Opinion on the Bill for Amendments to the Immigration Control and Refugee Recognition Act
March 18, 2021
Japan Federation of Bar Associations
The Japan Federation of Bar Associations (“JFBA”) compiled an opinion paper, “Opinion on the Bill for Amendments to the Immigration Control and Refugee Recognition Act” dated March 18, 2021, and submitted it on March 23, 2021 to the Minister of Justice; the Commissioner of the Immigration Services Agency; the Speaker of the House of Representatives; the President of the House of Councilors; and the official representatives of the respective political parties.
Summary of Opinion
On February 19, 2021, the Government submitted a bill to the Diet to amend the Immigration Control and Refugee Recognition Act (“the Bill”).
The Bill has proposed that an alternative mechanism to detention, i.e., the system of Monitoring Measures, be introduced in order to eliminate prolonged detention. However, there are some fundamental issues with the Monitoring Measures, such as the fact that the system requires supporters and lawyers—who are likely to be designated as Monitors—to monitor subjects on the Monitoring Measures, and imposes various notification obligations on such Monitors. Therefore, it is urged that a drastic alteration be made to the immigration control and detention system itself.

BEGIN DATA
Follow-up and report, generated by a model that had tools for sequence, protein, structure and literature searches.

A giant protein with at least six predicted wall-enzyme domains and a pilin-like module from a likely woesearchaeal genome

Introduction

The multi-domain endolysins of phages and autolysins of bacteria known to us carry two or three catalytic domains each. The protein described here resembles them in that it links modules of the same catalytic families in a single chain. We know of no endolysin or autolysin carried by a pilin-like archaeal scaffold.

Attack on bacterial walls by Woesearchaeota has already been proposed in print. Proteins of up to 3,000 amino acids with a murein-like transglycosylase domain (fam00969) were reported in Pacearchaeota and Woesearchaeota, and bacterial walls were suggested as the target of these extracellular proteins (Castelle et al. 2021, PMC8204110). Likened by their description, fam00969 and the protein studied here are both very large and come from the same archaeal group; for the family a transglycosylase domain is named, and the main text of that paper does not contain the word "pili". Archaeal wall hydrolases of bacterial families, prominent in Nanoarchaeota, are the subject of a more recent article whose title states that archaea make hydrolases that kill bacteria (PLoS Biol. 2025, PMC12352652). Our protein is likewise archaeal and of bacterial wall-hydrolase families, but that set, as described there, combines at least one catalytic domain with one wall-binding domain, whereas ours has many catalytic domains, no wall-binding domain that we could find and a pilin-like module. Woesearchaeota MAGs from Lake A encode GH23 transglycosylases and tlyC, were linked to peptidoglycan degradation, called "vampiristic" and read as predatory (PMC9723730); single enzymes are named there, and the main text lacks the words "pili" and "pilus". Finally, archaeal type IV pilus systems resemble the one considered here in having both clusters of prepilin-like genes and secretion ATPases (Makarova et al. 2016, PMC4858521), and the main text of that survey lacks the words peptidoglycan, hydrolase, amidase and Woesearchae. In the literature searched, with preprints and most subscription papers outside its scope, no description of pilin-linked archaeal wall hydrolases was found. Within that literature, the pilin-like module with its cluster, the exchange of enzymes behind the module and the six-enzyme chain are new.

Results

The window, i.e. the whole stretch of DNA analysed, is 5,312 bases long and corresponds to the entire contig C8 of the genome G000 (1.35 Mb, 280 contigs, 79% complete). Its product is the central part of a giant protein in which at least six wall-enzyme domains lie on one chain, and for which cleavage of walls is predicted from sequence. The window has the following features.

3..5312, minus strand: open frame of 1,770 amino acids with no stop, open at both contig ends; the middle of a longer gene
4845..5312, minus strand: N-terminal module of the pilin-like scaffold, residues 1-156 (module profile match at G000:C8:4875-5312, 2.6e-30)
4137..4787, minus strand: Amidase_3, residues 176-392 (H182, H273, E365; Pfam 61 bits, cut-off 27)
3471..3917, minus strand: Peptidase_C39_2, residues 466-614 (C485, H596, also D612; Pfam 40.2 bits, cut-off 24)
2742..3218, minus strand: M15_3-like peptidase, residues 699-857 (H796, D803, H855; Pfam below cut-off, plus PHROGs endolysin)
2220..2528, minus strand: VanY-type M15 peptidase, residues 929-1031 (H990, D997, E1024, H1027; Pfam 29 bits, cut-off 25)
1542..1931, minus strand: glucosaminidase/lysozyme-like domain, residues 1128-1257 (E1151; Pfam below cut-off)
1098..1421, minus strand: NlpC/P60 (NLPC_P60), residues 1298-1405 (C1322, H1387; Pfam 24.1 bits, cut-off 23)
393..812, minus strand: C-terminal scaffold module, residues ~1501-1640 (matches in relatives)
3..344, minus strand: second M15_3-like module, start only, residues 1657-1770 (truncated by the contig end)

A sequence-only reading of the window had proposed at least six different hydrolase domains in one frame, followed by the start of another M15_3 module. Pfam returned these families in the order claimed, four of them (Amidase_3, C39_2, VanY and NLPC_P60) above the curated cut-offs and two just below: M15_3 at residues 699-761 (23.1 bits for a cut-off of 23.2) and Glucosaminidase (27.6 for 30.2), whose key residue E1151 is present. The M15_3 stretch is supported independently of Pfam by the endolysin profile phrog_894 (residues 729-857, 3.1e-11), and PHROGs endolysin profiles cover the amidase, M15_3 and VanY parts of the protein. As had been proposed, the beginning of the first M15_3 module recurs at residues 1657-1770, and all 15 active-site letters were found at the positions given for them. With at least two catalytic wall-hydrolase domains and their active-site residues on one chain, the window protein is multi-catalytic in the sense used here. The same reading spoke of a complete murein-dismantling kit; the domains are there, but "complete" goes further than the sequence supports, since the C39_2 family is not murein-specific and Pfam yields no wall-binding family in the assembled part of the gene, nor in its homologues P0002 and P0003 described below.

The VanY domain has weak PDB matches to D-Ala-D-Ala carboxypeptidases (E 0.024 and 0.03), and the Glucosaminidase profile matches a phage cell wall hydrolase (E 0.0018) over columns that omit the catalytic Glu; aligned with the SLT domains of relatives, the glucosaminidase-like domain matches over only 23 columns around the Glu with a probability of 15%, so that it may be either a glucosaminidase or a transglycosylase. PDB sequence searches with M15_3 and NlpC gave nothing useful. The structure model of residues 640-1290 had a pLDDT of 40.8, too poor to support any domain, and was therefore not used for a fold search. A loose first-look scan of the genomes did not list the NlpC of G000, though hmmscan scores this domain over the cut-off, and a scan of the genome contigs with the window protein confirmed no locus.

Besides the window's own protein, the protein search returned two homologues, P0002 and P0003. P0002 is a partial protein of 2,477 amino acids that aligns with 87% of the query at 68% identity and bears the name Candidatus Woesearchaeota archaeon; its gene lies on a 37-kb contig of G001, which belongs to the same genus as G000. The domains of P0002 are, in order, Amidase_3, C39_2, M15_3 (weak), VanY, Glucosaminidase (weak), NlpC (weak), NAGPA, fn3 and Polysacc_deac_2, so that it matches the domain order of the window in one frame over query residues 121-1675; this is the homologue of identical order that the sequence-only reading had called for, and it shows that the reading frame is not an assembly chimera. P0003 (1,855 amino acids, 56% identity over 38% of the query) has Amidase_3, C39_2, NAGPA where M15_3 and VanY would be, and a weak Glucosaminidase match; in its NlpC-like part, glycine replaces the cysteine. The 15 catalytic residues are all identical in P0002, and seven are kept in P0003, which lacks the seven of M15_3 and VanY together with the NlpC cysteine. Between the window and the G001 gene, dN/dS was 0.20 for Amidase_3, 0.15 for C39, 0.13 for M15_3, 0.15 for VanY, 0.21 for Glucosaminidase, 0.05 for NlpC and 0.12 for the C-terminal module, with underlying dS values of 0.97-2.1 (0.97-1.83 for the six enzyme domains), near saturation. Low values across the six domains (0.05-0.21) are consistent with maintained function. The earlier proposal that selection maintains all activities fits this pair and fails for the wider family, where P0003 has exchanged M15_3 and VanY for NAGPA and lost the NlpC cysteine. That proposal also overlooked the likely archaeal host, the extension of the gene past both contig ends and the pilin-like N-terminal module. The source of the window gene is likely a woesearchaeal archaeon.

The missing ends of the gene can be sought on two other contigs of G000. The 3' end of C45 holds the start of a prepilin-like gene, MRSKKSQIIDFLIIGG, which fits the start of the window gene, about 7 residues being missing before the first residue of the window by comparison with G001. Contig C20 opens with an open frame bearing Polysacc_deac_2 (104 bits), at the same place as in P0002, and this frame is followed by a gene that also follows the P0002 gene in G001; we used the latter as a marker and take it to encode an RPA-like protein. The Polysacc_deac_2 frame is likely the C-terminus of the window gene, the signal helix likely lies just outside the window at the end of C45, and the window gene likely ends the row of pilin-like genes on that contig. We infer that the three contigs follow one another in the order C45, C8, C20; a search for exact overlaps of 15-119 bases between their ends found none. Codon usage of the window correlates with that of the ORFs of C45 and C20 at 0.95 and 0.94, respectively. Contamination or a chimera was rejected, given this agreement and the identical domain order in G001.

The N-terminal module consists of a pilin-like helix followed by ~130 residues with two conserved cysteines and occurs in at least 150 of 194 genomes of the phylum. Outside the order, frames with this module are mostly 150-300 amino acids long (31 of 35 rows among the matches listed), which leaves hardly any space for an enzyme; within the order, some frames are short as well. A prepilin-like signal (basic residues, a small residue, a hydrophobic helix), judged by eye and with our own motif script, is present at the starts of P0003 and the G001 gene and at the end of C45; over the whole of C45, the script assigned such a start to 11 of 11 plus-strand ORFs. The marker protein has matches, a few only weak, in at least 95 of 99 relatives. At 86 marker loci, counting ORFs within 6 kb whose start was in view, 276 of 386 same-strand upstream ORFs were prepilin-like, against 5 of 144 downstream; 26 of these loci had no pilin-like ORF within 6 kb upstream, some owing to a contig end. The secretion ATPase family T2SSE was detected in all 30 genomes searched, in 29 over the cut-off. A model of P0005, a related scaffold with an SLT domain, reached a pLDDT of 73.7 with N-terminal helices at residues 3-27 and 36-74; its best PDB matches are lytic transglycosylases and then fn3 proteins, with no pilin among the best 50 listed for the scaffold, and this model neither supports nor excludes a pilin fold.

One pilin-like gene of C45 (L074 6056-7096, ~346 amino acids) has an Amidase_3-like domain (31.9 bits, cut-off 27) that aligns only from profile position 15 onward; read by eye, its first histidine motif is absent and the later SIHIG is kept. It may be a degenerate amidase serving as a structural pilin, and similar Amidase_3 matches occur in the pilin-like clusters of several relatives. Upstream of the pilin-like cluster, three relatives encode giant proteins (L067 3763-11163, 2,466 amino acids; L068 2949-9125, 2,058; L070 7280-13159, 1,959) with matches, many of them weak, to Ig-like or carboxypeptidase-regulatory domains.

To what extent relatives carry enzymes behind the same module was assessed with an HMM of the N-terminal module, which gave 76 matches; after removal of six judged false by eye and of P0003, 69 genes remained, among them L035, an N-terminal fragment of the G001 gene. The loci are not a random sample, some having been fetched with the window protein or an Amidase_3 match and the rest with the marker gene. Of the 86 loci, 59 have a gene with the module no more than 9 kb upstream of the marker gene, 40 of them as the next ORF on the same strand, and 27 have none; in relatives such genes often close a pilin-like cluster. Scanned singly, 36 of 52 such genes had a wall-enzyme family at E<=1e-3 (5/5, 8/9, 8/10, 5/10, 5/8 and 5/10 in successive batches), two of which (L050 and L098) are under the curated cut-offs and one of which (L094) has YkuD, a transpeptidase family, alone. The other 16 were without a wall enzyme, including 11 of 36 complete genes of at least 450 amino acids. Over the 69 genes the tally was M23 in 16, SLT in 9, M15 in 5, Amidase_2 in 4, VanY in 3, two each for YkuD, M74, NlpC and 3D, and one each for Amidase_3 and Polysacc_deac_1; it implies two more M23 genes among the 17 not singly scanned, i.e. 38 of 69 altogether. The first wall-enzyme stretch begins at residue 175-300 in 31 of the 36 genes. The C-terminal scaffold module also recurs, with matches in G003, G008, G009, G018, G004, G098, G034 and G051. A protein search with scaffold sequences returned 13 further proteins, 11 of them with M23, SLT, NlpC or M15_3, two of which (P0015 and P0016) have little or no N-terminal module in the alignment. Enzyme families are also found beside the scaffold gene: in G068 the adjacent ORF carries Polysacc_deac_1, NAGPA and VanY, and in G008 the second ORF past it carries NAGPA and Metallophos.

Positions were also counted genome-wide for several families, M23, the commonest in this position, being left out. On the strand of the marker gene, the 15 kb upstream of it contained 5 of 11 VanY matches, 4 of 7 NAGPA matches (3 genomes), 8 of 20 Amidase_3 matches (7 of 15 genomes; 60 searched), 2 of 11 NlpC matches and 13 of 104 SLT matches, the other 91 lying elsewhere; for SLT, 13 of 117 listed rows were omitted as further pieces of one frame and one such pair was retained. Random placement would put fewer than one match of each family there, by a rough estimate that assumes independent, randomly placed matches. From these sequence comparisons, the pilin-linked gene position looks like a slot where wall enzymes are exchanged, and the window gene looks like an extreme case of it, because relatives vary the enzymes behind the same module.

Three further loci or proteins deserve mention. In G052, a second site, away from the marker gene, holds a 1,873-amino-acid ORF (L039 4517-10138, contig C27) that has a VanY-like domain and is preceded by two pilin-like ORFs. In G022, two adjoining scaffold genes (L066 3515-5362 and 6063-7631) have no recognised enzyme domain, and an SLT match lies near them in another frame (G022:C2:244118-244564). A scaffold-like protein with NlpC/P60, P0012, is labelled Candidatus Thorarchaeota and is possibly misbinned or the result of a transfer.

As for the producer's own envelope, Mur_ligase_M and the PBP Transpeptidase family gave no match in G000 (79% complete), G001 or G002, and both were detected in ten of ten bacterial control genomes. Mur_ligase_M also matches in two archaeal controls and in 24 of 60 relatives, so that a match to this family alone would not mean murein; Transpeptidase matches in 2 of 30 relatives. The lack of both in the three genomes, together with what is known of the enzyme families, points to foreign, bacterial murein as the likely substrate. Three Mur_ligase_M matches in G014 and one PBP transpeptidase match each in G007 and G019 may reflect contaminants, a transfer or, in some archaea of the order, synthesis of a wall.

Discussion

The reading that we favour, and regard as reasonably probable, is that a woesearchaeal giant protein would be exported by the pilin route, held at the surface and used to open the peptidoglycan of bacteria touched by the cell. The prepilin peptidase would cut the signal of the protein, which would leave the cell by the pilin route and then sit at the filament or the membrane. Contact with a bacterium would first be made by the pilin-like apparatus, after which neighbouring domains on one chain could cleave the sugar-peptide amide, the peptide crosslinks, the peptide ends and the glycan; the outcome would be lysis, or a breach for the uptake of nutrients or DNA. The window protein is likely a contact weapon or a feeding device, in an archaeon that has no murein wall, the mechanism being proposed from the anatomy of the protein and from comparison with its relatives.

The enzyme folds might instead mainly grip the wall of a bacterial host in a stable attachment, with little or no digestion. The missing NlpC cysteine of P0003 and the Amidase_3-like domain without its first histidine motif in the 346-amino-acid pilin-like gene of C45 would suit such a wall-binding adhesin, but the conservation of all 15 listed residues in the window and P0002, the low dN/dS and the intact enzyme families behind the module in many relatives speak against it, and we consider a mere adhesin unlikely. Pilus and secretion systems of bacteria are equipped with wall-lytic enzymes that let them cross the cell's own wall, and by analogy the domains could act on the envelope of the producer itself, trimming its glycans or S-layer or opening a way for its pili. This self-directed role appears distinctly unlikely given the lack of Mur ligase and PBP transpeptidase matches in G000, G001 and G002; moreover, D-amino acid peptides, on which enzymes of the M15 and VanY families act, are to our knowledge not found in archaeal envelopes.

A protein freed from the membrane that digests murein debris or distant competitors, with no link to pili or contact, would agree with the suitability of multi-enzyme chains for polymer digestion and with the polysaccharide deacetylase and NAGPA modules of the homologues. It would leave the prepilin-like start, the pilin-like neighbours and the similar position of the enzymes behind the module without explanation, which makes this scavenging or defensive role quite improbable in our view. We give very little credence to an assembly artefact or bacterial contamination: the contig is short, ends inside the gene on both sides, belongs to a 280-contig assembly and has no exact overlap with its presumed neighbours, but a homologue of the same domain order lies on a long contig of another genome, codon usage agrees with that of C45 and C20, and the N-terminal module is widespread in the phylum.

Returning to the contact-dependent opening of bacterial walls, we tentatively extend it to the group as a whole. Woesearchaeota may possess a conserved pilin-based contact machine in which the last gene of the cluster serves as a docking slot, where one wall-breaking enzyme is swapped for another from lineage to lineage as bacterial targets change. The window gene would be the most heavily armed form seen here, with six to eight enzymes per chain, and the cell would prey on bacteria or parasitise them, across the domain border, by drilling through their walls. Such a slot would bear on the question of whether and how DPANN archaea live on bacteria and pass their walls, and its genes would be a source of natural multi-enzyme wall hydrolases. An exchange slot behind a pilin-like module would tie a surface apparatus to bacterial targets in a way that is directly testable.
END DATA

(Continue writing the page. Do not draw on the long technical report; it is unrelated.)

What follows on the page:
Additionally, the partial lifting of deportation suspensions for asylum-seekers contemplated in the Bill entails the risk of individuals who should have been recognized as refugees being wrongfully be deported to their country of origin resulting in their lives or physical safety becoming jeopardized.
Moreover, regarding deportation orders and orders to apply for the issuance of passports, there is fundamental lack of grounds to enforce such orders with criminal penalties.
In addition, instituting a procedure to apply for special permission to stay does not guarantee that resettlement, family unity, and the best interests of children will be given substantial consideration.
With respect to the introduction of a system to recognize persons who are eligible for complementary protection, the eligibility is so severely narrow that the system will fail to defend the lives or physical safety of individuals who would have been eligible for protection.
Furthermore, with respect to facilitating the enactment of statutes and regulations related to the treatment of detainees at the detention facilities, many aspects of the Bill will require amendments since there is no indication that restrictions on the physical freedom and other restraints imposed on detainees will be improved.
Thus, the Bill has numerous issues which will cause extremely serious effects on deportation and refugee recognition practices in the future.